Olivia Waite is a romance author, practicing feminist, and wide-ranging dilettante.
Combining fantasy with mystery is always a gamble: mysteries rely on an reader's ability to play along with the detective and decode the clues, while fantasy thrives on the creation of strange new worlds and expansive magics that don't necessarily follow conventional physical rules. An author has to set up a system complex enough to sustain a puzzling mystery, but plausible and interesting enough so the reader plays along with the rules she knows are invented.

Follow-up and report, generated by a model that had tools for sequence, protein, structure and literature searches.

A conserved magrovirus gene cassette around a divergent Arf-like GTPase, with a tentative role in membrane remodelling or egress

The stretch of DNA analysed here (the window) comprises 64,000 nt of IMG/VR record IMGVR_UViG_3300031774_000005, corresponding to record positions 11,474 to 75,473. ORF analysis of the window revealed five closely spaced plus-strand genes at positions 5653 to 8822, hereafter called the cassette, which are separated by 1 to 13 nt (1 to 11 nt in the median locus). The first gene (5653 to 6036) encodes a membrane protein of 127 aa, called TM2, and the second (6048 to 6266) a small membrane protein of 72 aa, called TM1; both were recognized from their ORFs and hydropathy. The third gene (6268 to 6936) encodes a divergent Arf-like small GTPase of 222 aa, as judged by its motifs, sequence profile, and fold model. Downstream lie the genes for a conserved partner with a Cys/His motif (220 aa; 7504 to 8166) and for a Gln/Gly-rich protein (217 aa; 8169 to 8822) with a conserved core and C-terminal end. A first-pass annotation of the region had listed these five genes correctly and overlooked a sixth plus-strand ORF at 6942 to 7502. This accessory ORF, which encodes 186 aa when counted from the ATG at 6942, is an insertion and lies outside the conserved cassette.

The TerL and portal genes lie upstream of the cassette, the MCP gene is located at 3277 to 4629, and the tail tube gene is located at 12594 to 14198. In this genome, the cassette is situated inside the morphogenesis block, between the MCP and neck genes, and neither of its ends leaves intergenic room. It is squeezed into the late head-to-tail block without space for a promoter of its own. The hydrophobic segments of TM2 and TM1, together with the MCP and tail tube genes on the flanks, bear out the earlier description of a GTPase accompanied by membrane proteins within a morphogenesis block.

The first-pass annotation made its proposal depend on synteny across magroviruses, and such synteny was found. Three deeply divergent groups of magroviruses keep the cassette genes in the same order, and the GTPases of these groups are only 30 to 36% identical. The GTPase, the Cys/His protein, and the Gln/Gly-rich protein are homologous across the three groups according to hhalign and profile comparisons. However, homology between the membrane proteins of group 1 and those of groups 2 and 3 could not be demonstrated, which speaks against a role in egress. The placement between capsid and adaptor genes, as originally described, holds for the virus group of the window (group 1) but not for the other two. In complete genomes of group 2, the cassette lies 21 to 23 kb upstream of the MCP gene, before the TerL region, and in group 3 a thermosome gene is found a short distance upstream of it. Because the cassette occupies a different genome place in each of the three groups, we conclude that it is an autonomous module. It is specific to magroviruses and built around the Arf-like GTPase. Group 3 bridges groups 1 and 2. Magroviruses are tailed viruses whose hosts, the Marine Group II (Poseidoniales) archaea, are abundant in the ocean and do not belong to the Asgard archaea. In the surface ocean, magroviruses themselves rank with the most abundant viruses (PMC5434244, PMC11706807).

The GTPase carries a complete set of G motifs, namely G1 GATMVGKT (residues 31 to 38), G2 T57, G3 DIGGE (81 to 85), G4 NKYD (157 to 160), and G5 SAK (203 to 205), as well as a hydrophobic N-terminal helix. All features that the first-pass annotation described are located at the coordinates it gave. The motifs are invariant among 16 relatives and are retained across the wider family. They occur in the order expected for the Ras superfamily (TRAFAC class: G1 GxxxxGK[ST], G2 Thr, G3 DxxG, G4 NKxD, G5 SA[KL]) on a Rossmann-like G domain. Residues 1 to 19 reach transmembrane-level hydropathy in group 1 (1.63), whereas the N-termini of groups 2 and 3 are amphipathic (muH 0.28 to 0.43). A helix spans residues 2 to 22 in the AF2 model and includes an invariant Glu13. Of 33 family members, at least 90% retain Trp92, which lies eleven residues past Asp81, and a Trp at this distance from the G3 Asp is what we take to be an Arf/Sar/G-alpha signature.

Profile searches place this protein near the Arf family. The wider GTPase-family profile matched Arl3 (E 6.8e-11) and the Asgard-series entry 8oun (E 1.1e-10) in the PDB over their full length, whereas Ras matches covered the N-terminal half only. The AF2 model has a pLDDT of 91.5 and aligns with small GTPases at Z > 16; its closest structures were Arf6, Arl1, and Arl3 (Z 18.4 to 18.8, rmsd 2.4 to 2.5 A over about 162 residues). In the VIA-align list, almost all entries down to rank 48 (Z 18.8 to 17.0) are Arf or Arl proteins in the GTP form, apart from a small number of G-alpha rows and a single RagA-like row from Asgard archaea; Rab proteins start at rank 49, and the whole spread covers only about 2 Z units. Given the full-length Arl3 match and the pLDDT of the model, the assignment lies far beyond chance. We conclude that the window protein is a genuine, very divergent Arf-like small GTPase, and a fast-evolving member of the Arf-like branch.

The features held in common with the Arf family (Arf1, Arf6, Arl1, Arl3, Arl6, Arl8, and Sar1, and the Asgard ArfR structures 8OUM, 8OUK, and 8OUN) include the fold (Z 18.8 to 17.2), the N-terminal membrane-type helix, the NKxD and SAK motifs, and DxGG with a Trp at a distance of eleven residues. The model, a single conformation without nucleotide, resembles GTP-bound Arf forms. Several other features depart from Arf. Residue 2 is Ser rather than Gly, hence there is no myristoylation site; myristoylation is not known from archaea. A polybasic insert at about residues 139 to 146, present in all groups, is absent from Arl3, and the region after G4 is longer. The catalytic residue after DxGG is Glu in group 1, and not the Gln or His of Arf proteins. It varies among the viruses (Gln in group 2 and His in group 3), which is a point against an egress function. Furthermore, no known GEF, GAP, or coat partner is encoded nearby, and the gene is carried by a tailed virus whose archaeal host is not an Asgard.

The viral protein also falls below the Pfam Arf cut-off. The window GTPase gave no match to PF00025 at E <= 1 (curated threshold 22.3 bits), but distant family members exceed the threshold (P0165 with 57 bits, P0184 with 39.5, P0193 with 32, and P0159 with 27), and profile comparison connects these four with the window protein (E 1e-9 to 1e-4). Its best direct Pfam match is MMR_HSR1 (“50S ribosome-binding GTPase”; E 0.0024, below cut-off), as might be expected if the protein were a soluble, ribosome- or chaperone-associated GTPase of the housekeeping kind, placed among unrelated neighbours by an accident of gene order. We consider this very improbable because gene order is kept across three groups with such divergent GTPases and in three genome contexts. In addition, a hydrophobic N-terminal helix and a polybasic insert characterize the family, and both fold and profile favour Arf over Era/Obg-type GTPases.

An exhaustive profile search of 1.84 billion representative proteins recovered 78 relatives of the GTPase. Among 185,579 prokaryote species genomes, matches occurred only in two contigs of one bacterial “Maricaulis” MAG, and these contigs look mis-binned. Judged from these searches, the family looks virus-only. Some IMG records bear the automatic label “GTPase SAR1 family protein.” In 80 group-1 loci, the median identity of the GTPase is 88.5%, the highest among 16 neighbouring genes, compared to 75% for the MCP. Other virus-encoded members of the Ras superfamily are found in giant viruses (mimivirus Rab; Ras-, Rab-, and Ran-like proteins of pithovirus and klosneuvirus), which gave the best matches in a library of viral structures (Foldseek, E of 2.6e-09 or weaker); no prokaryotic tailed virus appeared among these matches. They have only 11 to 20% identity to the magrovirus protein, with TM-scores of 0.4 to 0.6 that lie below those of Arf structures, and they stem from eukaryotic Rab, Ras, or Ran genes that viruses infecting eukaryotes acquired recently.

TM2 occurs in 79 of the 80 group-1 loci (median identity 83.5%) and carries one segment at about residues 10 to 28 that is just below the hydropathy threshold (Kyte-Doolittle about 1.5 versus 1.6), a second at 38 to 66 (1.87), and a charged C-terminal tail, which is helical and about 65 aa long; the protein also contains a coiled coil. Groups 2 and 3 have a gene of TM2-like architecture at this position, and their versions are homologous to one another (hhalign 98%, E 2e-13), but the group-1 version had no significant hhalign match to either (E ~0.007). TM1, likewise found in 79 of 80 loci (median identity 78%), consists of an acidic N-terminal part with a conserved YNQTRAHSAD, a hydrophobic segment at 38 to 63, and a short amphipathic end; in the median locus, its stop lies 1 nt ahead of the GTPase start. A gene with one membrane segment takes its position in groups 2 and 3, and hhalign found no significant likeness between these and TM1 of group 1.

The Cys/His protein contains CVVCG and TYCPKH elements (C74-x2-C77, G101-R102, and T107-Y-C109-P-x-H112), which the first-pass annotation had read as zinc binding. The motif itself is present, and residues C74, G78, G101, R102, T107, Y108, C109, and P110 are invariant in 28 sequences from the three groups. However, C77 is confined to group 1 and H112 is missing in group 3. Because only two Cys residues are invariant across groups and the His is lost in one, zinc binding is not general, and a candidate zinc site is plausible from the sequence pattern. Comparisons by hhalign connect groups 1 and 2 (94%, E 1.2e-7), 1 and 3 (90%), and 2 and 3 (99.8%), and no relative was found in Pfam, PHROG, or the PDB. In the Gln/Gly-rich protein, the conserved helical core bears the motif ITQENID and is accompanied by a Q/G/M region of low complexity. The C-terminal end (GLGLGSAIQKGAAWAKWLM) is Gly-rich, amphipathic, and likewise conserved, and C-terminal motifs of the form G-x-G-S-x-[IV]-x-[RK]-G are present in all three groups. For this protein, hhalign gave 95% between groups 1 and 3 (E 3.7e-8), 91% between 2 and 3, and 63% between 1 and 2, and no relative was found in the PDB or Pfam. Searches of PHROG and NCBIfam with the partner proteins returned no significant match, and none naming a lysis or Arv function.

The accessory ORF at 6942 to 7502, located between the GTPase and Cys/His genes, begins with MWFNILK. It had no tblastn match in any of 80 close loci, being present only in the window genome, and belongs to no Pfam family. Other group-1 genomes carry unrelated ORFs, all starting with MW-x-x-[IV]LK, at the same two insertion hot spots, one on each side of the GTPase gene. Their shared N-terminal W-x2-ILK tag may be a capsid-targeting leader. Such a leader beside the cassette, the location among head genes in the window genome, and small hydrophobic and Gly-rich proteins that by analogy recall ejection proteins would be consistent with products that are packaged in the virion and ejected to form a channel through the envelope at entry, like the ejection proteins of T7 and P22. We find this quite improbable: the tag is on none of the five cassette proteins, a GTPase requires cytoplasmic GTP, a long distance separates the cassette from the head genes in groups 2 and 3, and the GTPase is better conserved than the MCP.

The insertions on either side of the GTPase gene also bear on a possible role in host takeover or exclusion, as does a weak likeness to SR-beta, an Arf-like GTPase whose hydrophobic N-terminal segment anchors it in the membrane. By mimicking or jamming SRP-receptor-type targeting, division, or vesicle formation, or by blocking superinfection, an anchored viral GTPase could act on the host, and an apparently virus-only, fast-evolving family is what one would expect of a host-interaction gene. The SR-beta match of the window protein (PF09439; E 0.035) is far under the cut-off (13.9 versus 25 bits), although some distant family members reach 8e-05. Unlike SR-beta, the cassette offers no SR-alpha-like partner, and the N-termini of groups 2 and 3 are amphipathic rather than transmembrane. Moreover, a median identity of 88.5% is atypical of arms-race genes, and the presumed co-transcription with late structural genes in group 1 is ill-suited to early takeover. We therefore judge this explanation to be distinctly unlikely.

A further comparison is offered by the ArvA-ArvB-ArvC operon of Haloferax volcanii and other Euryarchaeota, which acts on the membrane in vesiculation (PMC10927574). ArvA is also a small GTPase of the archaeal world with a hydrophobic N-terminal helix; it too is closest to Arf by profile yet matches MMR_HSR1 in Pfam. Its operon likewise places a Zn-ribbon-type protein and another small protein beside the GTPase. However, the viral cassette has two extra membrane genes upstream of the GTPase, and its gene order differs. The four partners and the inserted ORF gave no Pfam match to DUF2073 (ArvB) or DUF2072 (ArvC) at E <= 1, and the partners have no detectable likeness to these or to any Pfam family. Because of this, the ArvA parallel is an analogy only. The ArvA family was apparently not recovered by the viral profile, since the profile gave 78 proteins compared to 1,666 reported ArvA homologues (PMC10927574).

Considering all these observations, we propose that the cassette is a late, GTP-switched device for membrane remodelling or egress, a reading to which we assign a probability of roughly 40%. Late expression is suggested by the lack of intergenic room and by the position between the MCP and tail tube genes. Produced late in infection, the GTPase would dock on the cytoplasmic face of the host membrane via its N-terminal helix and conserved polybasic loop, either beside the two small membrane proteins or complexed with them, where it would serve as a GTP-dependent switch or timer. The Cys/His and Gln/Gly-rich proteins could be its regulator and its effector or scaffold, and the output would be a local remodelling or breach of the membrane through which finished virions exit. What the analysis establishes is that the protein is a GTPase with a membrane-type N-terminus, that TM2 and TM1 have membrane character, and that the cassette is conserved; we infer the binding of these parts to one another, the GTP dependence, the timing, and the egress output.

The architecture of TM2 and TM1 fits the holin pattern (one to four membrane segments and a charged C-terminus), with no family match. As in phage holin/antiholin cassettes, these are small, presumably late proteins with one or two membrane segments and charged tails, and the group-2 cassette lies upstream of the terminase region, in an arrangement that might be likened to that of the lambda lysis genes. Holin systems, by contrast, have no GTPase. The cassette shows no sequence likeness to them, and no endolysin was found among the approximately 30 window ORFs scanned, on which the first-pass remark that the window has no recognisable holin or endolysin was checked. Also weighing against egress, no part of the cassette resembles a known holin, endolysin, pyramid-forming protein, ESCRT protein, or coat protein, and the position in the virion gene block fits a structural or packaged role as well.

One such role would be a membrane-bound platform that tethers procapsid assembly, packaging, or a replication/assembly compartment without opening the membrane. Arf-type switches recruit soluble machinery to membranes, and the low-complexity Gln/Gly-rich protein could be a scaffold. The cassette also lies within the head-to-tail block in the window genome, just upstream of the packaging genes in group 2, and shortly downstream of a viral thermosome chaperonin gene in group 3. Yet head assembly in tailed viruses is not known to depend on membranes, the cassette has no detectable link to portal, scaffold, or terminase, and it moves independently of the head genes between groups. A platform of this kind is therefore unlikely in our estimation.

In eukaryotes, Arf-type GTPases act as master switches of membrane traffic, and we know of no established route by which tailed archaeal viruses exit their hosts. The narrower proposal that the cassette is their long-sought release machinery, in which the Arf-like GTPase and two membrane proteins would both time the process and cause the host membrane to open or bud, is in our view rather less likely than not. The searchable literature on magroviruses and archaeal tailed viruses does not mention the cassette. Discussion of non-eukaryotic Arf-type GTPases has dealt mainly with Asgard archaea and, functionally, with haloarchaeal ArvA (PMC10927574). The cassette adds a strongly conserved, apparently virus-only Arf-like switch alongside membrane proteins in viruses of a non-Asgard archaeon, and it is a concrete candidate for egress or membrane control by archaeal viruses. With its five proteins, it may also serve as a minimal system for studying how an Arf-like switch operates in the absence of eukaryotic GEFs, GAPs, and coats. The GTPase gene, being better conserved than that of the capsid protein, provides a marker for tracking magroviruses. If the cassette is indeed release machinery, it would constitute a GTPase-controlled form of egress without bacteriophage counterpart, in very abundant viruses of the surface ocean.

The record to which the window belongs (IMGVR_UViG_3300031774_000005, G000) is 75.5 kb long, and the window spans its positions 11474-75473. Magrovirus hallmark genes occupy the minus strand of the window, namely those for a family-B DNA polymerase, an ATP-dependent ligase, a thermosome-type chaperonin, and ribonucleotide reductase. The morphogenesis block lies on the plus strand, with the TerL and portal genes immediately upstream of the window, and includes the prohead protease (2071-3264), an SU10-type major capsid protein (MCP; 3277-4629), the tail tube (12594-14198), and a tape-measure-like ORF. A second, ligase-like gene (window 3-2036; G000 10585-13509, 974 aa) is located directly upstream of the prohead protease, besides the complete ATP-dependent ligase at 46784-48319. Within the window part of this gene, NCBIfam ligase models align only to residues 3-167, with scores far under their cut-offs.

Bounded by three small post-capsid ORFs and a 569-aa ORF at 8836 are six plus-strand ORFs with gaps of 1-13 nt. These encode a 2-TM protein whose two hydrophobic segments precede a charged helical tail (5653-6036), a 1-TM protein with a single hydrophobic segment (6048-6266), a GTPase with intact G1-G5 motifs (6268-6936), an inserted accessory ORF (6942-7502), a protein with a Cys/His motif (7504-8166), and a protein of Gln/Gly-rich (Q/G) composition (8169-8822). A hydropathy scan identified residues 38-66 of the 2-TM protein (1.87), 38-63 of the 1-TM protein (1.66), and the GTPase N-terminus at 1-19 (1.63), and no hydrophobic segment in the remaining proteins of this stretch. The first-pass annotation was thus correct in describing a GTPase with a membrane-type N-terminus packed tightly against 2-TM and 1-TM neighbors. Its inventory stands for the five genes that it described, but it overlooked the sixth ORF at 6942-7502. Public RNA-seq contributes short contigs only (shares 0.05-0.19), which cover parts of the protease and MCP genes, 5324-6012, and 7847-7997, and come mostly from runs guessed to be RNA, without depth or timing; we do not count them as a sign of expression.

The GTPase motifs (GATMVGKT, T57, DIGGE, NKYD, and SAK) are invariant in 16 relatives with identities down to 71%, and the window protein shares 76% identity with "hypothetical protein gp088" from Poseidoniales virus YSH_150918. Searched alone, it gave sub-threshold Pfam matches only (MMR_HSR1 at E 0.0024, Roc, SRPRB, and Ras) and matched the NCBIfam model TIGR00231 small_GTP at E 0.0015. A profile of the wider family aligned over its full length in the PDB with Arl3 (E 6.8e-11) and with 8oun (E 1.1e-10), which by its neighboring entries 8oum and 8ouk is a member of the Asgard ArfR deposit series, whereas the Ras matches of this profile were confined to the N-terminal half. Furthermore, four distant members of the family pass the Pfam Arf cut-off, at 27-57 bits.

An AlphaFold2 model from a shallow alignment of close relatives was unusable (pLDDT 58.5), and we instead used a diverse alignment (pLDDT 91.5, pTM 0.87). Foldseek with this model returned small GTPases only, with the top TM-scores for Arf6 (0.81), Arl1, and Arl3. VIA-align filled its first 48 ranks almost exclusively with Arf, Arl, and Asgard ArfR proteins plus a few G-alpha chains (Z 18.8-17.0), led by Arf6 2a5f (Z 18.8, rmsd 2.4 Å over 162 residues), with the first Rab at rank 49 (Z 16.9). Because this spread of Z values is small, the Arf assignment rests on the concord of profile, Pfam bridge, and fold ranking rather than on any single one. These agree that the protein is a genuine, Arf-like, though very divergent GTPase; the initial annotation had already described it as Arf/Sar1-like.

Max Gladstone's solution here is ingenious: he makes magic out of contracts and bureaucracy, turning souls into currency and building a financial-legal puzzle around the murder of a god. I loved magician-hero Tara Abernathy's wariness and those moments when she took real and slightly scary delight in the sheer power of her Craft -- and I loved chain-smoking priest Abelard, who's out of his depth and lost without his god's guiding light but does his best to find his way in the darkness. Very nearly a perfect book, and well worth the time.